For the first time ever, there are four Malayan tigers at the Palm Beach Zoo & Conservation Society – a testament to the zoo’s role in helping restore the population of this seriously endangered species, its commitment to doubling the size of the tiger habitat, and the role the zoo has assumed in survival projects.
Together with the 229 accredited members of the Association of Zoos and Aquariums (AZA), the Palm Beach Zoo have built an infrastructure to save endangered species like the Malayan Tigers – coordinating breeding programs across many institutions to ensure genetic diversity, implementing systems to safely animals between institutions, and forging partnerships with local, national, and international conservation organizations working on re-introducing these animals to their native ranges.
Visiting the Palm Beach Zoo, which has changed its name to incorporate “Conservation Society,” in its moniker and its mission, you can see this focus in the way the zoo has steadily moved away from the old-fashioned style of keeping animals in cages. Many of the 800 animals who live here are in realistic habitats, making your visit more like a safari, especially with camera in hand looking for rare “shots” of animals in wonderful poses.
There are about two miles of paths which meander through the zoo, but you are transported hundreds and thousands of miles to see these animals, many which are endangered, and in the process, learn about the animals and the conservation efforts underway.
I set out on the path, first to see the white alligator (it is massive), then the Siamang; then Malo, the ocelot – a tiny creature that is resting in a hammock, being cared by the vets because of arthritis. I come to the island habitat of a group of lemurs (the name means “ghost”) an endangered animal – and while a couple of them are lounging quietly on a rope, I manage to get a photo of one as it makes a leap onto the rope.
I reach Tiger Falls and Tiger River in the northwest corner of the zoo in the Australia Asia section.
Not surprisingly, the Malayan tigers are the top draw at the zoo – certainly, they are the most dramatic of creatures here – their black-caramel-and white stripes and huge, sharp teeth and mighty roar.
The Zoo has been home to Keemasan Mata, a nine-year-old male Malayan tiger, Berapi Api, an 11-year-old female Malayan tiger, and Angin, a four-year-old male Malayan tiger.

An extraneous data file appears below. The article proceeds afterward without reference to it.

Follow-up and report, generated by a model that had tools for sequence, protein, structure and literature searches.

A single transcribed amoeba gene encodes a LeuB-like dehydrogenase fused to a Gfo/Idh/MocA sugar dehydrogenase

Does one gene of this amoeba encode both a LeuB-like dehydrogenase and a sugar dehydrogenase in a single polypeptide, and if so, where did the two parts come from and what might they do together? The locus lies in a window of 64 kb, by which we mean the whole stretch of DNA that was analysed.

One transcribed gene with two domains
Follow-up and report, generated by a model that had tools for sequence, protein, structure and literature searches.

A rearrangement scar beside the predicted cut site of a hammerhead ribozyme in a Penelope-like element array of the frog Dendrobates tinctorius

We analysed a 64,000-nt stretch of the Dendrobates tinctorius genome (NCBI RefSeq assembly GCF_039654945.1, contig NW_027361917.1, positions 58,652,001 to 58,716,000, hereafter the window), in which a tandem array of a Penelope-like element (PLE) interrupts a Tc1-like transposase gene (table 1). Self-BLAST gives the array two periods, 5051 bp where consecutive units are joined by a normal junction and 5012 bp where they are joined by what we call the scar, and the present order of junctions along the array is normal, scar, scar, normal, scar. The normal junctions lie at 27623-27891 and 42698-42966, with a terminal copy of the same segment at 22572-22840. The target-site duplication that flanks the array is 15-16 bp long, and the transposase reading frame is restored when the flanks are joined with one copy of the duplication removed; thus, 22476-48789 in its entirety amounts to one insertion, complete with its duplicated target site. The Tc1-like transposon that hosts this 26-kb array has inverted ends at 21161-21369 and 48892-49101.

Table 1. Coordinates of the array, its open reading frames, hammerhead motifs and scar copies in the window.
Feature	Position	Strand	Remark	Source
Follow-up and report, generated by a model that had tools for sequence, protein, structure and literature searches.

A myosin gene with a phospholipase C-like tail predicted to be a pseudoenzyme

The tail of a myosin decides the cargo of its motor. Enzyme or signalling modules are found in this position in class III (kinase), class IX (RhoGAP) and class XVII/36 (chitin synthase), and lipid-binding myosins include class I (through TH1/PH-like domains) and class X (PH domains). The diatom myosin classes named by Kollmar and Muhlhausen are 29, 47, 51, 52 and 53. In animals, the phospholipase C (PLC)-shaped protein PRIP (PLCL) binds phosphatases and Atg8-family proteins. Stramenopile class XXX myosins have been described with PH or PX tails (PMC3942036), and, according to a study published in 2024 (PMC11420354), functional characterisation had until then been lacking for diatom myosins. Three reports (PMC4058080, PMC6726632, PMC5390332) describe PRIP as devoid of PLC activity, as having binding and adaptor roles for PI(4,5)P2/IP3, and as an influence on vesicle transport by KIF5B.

Bumi, a four-year-old male Malayan tiger whose name means “earth” in Indonesian, joined the Zoo as its newest resident on December 10, 2014 from Tampa’s Lowry Park Zoo.
The arrival of the fourth tiger coincided with the completion of a new section of the Henry & Charlotte Kimelman Tiger Habitat and Bumi’s transition was part of the Association of Zoos and Aquariums (AZA) Species Survival Plan® (SSP) for Malayan tigers.
“This is historic for us,” explained Nancy Nill, associate curator for the Zoo. “We are excited to welcome our fourth Malayan tiger, Bumi, and make Zoo history by keeping four adult tigers on grounds all at once. Because the tiger habitat has doubled in size, we are now able to house this many adult tigers. This is a huge step for us, and it is a good feeling to know we are expanding our role in Malayan tiger conservation.”
“Even though Bumi is not recommended to breed at the moment, by having the space to hold him, we are allowing other institutions to be able to breed,” Nill continued. “This provides a greater chance for the captive population to increase.”
I am told that the nine-year old male, Mata, now in the new area, acts scared (if you can apply that word), when he hears the new tigers roar.
Mata’s roommate is an 11-year old female tiger named Berapi Api. It is the zoo’s hope – under a survival plan for the tigers – that they will mate.
Mata is no stranger to Berapi – she had rejected him years ago and mated instead with Mata’s brother, delivering three male Malayan tiger cubs, Jaya, Bunga and Penari, in 2011. But Mata now has had experience breeding, and it appears that Berapi is more interested in him than before.
“Keepers have to use their knowledge and judgment as to whether should be together,” I am told. “If they are in a bad mood, they won’t put them together. It’s like ‘Days of our Lives’.”
The keepers know what they are doing. The Palm Beach Zoo is a recognized leader in Species Survival Plan breeding programs for Malayan tigers, with three cubs born at the Zoo in 2011.